Aquarius satellite comes of age
Nasa has released the first global map of ocean surface salinity acquired by the Aquarius/SAC-D satellite, which was launched in June this year.
Knowing the saltiness of seawater will improve scientists' understanding of some key climatic processes.
Variations in salinity help drive ocean circulation and their measurement can also reveal how freshwater is moving around the planet.
The mission is a joint venture with the space agency of Argentina (Conae).
The new map incorporates just the first two-and-a-half weeks of data since Aquarius became operational on 25 August.
Red and yellow colours denote areas of higher salinity; blues and purples represent areas of lower salinity. Areas coloured black represent gaps in the data.
The map picks up well-established, large-scale features such as the differences in salinity between the Atlantic, Pacific and Indian oceans.
Also apparent are the areas of lower salinity associated with rain belts near the equator, and the higher values associated with evaporation in the subtropics.
You can also see smaller features such as the freshwater outflow from the Amazon River, which tends to dilute the immediate surface waters of the Atlantic.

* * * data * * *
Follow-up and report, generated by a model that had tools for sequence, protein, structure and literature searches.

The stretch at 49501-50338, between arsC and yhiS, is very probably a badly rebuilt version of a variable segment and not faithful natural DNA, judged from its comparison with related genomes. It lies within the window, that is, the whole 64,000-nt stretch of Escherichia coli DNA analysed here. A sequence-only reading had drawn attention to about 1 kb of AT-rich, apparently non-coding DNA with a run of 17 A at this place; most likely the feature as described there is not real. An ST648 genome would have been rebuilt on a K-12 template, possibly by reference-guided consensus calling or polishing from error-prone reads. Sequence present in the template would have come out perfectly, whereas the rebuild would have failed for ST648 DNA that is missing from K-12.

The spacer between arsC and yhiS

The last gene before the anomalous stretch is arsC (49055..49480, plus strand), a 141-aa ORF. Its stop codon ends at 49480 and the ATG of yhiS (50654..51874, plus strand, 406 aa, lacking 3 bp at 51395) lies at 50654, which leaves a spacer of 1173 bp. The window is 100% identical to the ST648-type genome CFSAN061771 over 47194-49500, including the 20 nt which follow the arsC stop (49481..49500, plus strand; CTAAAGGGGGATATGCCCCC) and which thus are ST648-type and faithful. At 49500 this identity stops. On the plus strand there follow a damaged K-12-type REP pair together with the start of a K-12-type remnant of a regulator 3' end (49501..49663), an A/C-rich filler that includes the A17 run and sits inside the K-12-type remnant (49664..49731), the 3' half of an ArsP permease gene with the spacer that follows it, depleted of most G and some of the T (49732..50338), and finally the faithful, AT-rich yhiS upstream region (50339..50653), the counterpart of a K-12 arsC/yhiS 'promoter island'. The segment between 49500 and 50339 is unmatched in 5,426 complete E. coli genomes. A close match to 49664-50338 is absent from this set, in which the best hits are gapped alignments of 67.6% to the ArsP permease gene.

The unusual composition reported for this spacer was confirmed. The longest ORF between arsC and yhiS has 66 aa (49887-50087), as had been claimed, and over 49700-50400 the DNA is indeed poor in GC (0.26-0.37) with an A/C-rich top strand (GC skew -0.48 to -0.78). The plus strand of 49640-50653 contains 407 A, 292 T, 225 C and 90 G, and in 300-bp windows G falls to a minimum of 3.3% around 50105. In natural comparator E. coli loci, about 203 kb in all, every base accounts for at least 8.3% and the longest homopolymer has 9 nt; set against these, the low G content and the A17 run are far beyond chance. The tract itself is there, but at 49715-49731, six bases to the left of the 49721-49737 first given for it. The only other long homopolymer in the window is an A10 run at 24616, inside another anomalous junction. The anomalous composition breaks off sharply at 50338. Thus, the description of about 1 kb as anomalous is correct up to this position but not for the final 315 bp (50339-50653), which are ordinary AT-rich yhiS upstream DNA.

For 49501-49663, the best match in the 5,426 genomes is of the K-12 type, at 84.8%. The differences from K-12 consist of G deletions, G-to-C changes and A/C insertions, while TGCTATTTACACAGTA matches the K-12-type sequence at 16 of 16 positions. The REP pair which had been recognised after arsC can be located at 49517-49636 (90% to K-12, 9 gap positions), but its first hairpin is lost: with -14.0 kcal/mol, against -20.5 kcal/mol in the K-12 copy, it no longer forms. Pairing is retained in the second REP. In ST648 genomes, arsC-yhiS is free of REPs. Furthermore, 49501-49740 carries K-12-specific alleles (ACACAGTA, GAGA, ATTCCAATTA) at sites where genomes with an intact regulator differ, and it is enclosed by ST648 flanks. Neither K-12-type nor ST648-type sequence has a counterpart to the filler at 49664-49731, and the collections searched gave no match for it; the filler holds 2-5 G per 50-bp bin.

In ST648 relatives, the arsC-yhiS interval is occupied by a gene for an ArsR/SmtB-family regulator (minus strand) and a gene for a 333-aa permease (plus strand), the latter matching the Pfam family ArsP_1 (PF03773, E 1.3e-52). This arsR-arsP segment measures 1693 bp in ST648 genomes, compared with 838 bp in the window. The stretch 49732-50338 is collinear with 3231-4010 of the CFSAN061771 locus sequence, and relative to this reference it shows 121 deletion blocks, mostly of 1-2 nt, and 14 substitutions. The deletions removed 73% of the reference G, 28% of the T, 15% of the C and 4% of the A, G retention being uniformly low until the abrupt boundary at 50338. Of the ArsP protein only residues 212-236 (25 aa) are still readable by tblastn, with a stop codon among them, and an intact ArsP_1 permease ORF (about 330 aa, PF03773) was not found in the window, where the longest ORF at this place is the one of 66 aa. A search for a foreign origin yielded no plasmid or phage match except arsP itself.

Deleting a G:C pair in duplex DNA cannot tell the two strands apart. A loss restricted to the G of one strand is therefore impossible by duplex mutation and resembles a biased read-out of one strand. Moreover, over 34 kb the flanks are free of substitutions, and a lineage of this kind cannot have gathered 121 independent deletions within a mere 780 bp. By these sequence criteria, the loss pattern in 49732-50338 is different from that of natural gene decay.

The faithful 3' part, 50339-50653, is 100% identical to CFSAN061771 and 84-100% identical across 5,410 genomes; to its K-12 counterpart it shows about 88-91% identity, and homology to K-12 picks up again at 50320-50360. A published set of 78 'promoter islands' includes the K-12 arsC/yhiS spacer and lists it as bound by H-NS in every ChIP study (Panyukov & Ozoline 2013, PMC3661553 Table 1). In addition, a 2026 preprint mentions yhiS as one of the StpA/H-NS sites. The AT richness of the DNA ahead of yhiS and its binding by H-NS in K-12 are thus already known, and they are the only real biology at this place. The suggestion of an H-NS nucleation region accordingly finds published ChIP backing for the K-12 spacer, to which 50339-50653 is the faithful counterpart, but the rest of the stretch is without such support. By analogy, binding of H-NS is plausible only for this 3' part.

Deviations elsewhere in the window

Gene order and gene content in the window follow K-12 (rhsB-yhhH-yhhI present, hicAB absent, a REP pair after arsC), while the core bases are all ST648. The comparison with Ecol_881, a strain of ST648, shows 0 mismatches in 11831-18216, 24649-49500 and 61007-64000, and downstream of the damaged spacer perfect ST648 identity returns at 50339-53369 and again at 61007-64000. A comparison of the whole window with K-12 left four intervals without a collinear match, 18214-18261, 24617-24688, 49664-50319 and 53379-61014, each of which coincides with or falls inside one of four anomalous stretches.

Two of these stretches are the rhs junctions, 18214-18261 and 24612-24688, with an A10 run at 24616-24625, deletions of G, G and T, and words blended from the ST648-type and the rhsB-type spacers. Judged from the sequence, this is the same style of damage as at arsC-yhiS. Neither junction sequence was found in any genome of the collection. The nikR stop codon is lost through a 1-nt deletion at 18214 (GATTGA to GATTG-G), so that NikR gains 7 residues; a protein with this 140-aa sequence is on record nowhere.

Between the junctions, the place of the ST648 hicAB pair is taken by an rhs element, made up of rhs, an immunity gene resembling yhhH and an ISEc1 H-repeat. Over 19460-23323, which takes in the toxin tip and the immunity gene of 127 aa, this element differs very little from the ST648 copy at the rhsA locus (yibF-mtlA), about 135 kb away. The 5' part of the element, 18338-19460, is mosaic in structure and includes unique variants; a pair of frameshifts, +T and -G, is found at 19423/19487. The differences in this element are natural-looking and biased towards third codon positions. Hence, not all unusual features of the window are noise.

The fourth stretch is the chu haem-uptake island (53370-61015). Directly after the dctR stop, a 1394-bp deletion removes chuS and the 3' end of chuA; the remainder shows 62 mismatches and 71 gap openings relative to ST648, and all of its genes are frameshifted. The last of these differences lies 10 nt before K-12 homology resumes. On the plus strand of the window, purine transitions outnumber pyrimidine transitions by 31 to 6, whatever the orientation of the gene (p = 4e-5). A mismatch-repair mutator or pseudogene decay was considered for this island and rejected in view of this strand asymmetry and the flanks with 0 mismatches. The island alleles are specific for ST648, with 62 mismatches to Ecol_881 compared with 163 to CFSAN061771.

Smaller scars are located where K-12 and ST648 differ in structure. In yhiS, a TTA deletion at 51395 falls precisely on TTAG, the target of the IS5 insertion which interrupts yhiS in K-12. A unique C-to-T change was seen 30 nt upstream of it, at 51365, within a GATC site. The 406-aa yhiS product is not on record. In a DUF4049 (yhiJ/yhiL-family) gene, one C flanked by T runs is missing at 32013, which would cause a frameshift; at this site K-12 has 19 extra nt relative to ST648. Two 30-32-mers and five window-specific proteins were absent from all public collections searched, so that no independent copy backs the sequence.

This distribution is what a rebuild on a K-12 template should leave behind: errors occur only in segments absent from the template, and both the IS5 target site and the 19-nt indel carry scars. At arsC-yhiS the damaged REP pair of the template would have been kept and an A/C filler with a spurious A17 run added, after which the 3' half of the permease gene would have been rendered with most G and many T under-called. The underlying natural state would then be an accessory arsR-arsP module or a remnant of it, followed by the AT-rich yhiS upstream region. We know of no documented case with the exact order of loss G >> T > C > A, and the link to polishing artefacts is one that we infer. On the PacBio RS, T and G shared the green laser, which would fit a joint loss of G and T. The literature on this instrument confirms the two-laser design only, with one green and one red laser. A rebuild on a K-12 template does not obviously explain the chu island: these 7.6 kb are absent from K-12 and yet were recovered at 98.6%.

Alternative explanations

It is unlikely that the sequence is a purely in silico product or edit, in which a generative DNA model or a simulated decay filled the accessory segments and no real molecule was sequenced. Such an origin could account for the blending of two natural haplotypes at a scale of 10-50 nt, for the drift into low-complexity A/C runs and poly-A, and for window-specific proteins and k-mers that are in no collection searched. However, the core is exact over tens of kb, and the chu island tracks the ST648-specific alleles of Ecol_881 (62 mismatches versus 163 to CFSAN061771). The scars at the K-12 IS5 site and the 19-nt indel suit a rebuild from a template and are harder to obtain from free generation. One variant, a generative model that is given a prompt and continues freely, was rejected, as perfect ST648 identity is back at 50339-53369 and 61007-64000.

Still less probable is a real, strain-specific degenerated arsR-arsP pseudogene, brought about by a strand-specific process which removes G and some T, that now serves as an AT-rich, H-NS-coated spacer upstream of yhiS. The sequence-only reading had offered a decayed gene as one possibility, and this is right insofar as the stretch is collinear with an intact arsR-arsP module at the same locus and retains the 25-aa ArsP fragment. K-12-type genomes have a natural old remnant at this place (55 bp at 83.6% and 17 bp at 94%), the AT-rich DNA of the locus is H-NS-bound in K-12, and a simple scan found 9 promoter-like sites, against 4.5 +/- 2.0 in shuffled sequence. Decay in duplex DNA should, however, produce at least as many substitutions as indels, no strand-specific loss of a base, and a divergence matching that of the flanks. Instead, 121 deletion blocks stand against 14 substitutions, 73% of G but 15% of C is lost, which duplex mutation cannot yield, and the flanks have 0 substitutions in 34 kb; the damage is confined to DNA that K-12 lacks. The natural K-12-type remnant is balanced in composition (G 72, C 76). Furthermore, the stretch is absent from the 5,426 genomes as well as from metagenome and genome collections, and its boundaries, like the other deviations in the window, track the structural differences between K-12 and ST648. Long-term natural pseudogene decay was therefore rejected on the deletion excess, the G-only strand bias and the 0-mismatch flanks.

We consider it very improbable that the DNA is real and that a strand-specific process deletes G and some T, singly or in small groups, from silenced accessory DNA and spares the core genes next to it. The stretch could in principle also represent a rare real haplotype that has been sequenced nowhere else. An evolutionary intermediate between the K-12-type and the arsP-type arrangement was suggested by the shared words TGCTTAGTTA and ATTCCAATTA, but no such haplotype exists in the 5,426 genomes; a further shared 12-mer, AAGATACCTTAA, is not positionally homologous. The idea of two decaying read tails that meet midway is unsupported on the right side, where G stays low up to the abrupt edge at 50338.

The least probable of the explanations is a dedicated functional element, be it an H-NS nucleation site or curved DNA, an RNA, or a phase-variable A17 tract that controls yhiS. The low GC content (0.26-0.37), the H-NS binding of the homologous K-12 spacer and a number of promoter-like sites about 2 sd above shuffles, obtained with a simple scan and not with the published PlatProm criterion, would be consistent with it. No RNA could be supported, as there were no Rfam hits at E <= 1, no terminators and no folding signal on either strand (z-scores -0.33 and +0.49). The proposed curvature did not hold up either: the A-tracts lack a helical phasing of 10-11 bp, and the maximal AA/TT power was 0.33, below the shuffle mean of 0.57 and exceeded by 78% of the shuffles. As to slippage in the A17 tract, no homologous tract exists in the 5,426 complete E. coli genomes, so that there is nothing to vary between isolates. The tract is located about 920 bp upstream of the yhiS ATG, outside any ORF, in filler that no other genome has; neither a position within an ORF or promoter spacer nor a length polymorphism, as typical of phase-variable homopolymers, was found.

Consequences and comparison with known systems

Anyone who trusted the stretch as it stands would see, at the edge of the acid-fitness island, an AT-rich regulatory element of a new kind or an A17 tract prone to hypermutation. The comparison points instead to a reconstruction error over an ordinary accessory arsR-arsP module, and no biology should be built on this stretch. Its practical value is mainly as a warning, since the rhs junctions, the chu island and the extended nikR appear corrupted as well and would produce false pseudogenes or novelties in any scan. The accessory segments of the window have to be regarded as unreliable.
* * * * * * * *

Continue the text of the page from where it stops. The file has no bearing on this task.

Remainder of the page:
Ocean salinity is measured in parts per thousand (grams of salt per kilogram of sea water). The observed range is a small one - generally between about 32 and 37 parts per thousand out over the open seas.
The goal of the Aquarius mission is to retrieve salinity with a resolution of 0.2 parts per thousand. That is a concentration change equivalent to about one millilitre of salt in six litres of water.
Scientists have been able to measure ocean salinity for decades by lowering instruments from ships or by deploying robotic floats, but the technology to gather data from orbit is a recent innovation.
Aquarius carries three high-precision radio receivers that will record the natural microwave emissions coming up off the water's surface.
These emissions vary with the electrical conductivity of the water - a property directly related to how much dissolved salt it is carrying.
The Nasa-Conae spacecraft is not the first ocean salinity mission in orbit.
Europe already has a satellite in operation called Smos. This was launched in 2009, and produced the first-ever global maps of salinity built from space data.
The intention is to inter-calibrate and combine the Aquarius and Smos measurements.
Together, these spacecraft are now acquiring volumes of salinity data that dwarf all the information ever gathered in this field of study.